Your 2016 Woman Up Front: New MMB Drum Major Announced

Submitted by Bando Calrissian on April 24th, 2016 at 2:11 AM

For the first time since 2001, and the second time ever, the Michigan Marching Band has selected a woman drum major. McKenna Thayer, a senior alto saxophone from Hillsdale, Michigan, will be the Woman Up Front in 2016. 

Congratulations, McKenna!

Comments

slimj091

April 24th, 2016 at 7:56 PM ^

I'm not offended either way. I agree with the OP's sentiment that it would be nice to live in a world one day where when a woman gets selected for a leadership position that it's not a press stopping event. That it would be as normal as a man getting selected for the same position. It's just that in this situation it would be news every year regardless of gender or race.

YoungGeezy

April 25th, 2016 at 4:58 AM ^

There was no outrage, so not sure where you got that from. Given the fact that she's the second female drum major ever, and the post clearly highlights that, was just stating that I look forward to the day when the gender of our drum major is no longer notable.

I apologize if my comment made it sound like I was upset about the OP.

rob f

April 24th, 2016 at 5:40 AM ^

Sax section!

(I primarily played tenor, but also did play some alto, soprano, and baritone sax (also occasionally the oboe and even a bit of trombone) back during high school marching, concert, and stage/jazz band.)

Mark McBoneski

April 24th, 2016 at 10:16 AM ^

Early in the winter semester, all band members trying out for drum major interview and try out in front of the band staff. Eventually, the number of candidates is reduced to three or four. Those remaining candidates audition in front of the entire band at the Spring Meeting. After all of the candidates have performed, the band members vote for the best one.

For the tryouts in front of the whole band, each candidate must demonstrate: the position of attention, vocal and whistle commands, all three marching styles, their pregame entrance routine, strutting, and twirling. The hatless backbend and twirling sections are "optional," but all band members know that a candidate won't be elected if he or she can't do them.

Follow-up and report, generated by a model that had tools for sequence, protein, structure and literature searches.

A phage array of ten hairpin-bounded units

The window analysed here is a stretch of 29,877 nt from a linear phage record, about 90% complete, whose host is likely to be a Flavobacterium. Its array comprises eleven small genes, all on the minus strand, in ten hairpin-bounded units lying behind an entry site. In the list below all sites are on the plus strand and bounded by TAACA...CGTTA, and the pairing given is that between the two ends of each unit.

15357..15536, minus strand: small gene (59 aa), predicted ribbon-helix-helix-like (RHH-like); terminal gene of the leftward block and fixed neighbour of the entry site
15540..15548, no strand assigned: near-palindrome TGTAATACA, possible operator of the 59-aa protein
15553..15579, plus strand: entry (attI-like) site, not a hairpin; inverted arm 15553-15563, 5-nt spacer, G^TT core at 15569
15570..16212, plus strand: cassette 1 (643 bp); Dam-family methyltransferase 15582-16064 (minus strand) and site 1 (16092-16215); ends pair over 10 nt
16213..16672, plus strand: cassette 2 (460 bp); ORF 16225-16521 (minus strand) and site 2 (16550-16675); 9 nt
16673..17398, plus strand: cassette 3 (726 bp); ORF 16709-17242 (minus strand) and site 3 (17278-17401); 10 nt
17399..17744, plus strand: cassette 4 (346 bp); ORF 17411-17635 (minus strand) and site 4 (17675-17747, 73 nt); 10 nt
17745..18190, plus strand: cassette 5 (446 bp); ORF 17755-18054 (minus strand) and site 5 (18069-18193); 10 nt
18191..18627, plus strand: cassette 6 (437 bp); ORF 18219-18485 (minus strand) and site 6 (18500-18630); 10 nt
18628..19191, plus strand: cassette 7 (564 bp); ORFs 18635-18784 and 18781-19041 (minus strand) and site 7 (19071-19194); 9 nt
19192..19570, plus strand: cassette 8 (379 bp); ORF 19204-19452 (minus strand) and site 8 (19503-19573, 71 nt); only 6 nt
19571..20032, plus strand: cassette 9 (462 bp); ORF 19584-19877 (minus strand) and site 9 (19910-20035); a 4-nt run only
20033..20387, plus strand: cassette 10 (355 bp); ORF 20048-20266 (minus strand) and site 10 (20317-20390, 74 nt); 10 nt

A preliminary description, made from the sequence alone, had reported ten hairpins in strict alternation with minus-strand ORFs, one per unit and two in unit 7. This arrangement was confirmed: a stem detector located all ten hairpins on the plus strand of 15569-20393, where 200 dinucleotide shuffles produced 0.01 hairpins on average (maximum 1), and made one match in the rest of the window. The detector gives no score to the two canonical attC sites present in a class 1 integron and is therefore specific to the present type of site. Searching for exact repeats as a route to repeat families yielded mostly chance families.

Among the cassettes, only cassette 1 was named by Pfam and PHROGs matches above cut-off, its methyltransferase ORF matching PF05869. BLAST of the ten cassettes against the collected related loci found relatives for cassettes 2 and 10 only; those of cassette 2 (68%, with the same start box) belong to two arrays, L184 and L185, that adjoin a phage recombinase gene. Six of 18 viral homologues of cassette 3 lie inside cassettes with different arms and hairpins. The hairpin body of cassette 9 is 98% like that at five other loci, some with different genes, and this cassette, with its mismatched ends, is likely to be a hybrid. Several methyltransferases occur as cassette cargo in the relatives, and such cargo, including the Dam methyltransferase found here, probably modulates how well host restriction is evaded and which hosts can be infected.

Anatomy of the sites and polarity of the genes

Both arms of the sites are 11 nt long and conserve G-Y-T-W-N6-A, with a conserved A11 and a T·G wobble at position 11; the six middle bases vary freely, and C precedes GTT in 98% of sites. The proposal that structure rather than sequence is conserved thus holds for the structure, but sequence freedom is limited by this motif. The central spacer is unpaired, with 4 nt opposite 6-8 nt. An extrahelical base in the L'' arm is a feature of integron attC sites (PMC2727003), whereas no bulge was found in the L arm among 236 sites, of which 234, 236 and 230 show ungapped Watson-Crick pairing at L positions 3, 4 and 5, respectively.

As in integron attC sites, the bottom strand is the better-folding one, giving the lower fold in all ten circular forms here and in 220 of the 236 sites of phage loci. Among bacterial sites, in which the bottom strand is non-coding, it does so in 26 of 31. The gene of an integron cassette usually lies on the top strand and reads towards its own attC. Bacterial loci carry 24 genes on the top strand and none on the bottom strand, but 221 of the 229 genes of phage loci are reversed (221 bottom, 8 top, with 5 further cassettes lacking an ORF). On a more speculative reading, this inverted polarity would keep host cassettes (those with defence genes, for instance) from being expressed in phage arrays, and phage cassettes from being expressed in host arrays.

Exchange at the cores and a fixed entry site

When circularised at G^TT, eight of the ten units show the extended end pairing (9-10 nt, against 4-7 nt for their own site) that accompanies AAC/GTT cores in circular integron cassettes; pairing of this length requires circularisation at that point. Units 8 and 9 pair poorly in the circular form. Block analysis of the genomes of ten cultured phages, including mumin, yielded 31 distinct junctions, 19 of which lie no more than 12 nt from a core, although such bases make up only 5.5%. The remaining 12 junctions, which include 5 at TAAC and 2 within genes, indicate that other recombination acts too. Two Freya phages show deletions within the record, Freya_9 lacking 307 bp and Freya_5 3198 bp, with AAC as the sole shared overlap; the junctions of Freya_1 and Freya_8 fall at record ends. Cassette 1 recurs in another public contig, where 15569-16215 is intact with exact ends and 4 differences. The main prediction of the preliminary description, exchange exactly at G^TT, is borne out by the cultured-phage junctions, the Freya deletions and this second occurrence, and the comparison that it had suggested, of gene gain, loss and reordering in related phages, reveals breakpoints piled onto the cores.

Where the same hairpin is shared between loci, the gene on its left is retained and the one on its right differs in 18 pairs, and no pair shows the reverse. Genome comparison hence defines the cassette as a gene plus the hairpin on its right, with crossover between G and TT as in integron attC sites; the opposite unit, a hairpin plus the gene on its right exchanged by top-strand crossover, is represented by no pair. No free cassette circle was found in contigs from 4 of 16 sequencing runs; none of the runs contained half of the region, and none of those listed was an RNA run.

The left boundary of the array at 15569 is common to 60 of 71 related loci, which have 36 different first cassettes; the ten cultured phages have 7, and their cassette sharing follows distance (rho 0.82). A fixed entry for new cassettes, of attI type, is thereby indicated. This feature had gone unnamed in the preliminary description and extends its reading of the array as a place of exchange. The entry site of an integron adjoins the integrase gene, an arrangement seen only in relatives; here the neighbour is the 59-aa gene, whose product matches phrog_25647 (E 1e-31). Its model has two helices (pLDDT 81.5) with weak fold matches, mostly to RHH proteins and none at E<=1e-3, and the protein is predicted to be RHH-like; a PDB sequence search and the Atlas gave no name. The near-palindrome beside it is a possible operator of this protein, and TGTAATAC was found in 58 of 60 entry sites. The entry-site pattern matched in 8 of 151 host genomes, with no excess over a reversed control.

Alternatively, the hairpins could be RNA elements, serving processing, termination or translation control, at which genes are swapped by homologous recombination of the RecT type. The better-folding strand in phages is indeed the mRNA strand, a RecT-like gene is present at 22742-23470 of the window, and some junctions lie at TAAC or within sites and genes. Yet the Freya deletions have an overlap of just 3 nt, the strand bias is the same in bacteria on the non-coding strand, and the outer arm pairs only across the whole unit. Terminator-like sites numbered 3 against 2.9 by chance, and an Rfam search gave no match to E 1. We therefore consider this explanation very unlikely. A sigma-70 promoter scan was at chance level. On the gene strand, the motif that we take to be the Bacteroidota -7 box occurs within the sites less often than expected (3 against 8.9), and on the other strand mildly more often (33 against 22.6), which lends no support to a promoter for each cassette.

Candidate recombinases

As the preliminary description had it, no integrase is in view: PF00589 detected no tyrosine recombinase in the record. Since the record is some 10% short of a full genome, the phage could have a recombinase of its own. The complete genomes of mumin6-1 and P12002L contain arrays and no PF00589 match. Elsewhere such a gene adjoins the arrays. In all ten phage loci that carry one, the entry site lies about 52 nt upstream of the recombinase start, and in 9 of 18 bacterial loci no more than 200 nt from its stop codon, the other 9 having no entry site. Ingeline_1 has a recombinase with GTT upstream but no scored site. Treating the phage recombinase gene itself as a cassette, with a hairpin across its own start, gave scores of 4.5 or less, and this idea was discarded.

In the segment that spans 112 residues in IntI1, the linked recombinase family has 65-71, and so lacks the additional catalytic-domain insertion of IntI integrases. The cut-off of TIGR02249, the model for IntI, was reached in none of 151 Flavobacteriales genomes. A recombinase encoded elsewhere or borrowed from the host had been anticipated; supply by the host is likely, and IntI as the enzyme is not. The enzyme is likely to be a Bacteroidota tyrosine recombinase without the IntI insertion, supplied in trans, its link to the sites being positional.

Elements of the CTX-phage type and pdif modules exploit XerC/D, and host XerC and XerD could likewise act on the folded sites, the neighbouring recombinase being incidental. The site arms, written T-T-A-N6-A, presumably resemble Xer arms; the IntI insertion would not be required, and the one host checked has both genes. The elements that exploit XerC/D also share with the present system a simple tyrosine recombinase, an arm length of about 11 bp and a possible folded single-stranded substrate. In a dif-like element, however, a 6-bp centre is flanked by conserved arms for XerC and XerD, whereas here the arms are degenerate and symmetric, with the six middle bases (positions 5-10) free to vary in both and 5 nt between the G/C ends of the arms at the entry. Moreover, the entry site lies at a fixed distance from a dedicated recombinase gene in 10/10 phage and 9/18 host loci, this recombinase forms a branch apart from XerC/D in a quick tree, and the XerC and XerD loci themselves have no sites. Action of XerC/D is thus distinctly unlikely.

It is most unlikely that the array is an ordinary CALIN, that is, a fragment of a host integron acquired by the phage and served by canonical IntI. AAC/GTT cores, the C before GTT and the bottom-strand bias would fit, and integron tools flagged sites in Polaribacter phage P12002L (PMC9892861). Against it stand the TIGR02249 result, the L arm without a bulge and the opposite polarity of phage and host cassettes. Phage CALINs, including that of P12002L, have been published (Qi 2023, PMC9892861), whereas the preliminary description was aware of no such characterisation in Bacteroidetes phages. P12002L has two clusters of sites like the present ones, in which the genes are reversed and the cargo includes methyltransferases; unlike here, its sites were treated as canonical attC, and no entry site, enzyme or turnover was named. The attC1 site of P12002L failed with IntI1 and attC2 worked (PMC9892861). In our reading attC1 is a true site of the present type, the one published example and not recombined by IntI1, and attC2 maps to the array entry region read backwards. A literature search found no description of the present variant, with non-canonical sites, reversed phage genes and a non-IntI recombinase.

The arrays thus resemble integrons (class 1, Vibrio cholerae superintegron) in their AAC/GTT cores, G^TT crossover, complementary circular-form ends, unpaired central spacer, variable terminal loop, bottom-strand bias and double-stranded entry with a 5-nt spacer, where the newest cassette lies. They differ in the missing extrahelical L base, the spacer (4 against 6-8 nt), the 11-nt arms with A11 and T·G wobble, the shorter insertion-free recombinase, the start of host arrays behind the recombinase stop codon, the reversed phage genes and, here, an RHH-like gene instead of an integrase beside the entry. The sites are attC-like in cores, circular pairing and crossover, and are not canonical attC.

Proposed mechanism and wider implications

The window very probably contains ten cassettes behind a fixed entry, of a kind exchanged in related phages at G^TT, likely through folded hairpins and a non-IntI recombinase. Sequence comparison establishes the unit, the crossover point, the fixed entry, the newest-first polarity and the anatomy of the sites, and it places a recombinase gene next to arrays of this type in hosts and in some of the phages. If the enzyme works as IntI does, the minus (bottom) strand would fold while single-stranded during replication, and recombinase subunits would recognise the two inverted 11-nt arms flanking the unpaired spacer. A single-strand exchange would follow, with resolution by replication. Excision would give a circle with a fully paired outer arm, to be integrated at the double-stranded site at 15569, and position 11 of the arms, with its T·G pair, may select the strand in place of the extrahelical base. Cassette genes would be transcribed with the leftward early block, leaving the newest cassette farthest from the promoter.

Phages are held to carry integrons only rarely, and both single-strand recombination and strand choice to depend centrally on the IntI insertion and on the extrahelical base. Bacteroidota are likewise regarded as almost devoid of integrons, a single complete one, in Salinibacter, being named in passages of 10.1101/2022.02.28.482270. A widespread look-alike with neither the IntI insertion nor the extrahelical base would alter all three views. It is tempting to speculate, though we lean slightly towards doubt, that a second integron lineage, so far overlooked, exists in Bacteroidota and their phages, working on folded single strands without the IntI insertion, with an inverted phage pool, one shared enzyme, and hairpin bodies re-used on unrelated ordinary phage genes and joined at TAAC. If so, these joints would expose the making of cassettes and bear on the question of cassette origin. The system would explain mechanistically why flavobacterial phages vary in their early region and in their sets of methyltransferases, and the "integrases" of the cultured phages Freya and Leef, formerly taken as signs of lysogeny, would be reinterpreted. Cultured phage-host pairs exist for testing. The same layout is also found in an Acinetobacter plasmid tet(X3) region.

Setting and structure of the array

UMgradMSUdad

April 24th, 2016 at 10:49 AM ^

I know it's a different kind of whistling, but your mention of it reminded me of what my wife's grandmother told her when she was little and trying to learn how to whistle: "Whistling girls and crowing hens, always come to some bad end."  In looking up that saying, I found an even earlier version:"A whistling woman and a crowing hen are neither fit for God nor men."

 I can only imagine what her grandmother would think of a young woman strutting. 

MMB95

April 24th, 2016 at 10:36 AM ^

Congrats to her!  Great news!

 

As far as the process goes, when I was there in the 90's the candidates tried out in front of the entire band.  So they did things like the strut and the back bend and baton twirling.   Then there was an interview portion and then we voted.  I don't think too much has changed since then but I'm sure a more recent member can comment.

1974

April 24th, 2016 at 7:47 AM ^

OP: When the required abilities are considered, I'd expect that position to be ... gender-neutral these days, I guess. Any thoughts as to why they're mostly male?

Michigasling

April 24th, 2016 at 12:37 PM ^

Even the twirlers (and the cheerleaders) were all male.  As I heard it from one of the early bandspersons of the female persuasion, the powers that be (or had been) had very good reasons for defending the status quo: 

1.  Uniformity is paramount in look of a marching band.  Men wear pants, women wear skirts.  So obviously. 

2.  The Rose Parade is really long.  All that strutting for 5 miles would be too taxing for the ladies.  (To say nothing of carrying those heavy instruments at the same time)

3.  They'd have to build separate bathrooms.

I don't know how the bathroom issue was worked out, but apparently the other stuff was.